Made for Toil: Natural Selection at the Dawn of Agriculture

Paris School of Economics Working Paper No. 2007-33

31 Pages Posted: 30 Nov 2007 Last revised: 10 Dec 2007

See all articles by Jacob Louis Weisdorf

Jacob Louis Weisdorf

University of Copenhagen - Department of Economics

Date Written: November 2007

Abstract

The labour input among pre-historic foragers was normally rewarded within the same day of the effort. For the first farmers, by contrast, labour input and its rewards could be far apart. However, the patience was worthwhile: population growth rates among early agriculturalists were up to 60 times higher than those of their foraging counterparts. It is well-known from the biological science that humans differ with respect to metabolism. This study argues that rates of metabolism well-suited for the many hours of labour input required for farming gained an evolutionary advantage with the advent of agriculture. This theory helps shedding light on the puzzles why farming was adopted despite its high labour costs, and why people of agricultural societies work more than their foraging counterparts.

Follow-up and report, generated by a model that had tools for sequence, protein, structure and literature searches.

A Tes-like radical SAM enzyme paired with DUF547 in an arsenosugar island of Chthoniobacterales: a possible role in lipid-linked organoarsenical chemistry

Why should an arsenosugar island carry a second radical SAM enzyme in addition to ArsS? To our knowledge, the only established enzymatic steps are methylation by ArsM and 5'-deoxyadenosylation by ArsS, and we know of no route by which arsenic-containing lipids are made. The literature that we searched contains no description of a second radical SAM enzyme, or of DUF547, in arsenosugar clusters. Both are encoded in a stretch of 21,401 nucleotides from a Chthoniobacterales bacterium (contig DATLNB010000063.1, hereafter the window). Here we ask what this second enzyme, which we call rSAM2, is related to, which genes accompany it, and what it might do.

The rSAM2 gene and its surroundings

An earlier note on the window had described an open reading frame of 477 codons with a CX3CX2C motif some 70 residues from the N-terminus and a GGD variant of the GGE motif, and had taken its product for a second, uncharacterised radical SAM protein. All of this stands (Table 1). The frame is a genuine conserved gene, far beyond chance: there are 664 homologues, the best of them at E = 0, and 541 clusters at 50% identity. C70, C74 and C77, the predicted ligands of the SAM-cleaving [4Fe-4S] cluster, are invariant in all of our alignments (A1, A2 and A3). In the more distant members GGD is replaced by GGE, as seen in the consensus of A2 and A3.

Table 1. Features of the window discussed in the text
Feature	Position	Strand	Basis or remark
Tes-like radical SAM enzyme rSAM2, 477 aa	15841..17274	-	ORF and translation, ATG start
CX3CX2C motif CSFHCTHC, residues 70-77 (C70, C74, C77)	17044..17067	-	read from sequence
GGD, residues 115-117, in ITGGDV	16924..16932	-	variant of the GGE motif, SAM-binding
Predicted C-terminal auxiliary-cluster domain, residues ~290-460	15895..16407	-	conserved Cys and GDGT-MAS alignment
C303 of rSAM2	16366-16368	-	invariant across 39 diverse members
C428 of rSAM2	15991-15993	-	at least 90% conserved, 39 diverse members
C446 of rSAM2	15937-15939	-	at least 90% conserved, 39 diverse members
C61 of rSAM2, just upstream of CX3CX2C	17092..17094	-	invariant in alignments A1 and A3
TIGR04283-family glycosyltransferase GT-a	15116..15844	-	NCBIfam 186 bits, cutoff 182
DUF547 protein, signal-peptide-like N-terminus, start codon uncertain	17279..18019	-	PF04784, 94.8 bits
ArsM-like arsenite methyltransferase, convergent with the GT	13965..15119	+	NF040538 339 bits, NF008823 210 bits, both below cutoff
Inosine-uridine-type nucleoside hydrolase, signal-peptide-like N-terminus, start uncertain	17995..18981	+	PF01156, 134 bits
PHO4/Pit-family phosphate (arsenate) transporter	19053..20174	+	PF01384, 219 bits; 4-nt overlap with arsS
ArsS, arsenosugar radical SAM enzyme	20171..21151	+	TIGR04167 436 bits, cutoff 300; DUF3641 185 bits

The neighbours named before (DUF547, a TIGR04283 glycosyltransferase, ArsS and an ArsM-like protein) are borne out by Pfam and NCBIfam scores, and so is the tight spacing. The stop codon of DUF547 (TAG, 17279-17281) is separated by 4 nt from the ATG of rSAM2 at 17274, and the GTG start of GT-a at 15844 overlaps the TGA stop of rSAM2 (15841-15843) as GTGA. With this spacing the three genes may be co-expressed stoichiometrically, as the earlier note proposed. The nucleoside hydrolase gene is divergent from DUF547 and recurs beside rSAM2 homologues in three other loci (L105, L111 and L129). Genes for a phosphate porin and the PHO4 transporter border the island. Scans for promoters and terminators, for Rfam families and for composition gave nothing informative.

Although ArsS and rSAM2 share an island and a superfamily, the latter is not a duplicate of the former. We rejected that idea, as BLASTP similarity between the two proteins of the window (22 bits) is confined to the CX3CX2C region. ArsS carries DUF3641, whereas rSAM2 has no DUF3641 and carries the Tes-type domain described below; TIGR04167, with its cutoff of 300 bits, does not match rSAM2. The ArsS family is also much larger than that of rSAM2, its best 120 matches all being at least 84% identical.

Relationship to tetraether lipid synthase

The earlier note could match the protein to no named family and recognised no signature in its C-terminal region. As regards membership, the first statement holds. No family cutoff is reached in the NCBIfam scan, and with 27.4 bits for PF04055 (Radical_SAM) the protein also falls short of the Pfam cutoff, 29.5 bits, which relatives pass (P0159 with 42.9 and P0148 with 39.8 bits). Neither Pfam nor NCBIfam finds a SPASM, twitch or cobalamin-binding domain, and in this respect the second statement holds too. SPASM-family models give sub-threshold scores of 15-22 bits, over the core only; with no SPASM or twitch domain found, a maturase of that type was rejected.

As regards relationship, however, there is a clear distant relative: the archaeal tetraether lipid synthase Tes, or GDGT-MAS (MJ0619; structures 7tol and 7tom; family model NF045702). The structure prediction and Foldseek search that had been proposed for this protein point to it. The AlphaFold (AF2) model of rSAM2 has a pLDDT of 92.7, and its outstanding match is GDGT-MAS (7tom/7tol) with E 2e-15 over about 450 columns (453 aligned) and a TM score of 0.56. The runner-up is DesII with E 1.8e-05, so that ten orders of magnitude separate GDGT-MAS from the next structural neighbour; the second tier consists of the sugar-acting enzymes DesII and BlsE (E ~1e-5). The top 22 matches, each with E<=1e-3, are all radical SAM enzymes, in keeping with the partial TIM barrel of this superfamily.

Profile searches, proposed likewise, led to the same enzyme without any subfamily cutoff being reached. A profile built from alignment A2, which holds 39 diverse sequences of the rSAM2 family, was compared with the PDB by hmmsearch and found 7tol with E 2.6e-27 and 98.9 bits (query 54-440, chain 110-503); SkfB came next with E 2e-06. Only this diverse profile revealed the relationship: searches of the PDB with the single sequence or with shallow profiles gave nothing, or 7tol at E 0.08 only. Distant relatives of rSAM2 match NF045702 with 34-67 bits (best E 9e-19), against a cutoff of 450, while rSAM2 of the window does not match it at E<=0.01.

Keywords: Hunting, Labour Input, Malthus, Metabolism, Neolithic Revolution, Patience Capital

JEL Classification: J10, J22, Q56, O10

Suggested Citation

Weisdorf, Jacob Louis, Made for Toil: Natural Selection at the Dawn of Agriculture (November 2007). Paris School of Economics Working Paper No. 2007-33. Available at SSRN: https://ssrn.com/abstract=1037461 or http://dx.doi.org/10.2139/ssrn.1037461

Jacob Louis Weisdorf (Contact Author)

University of Copenhagen - Department of Economics ( email )

Ă˜ster Farimagsgade 5
Bygning 26
1353 Copenhagen K.
Denmark

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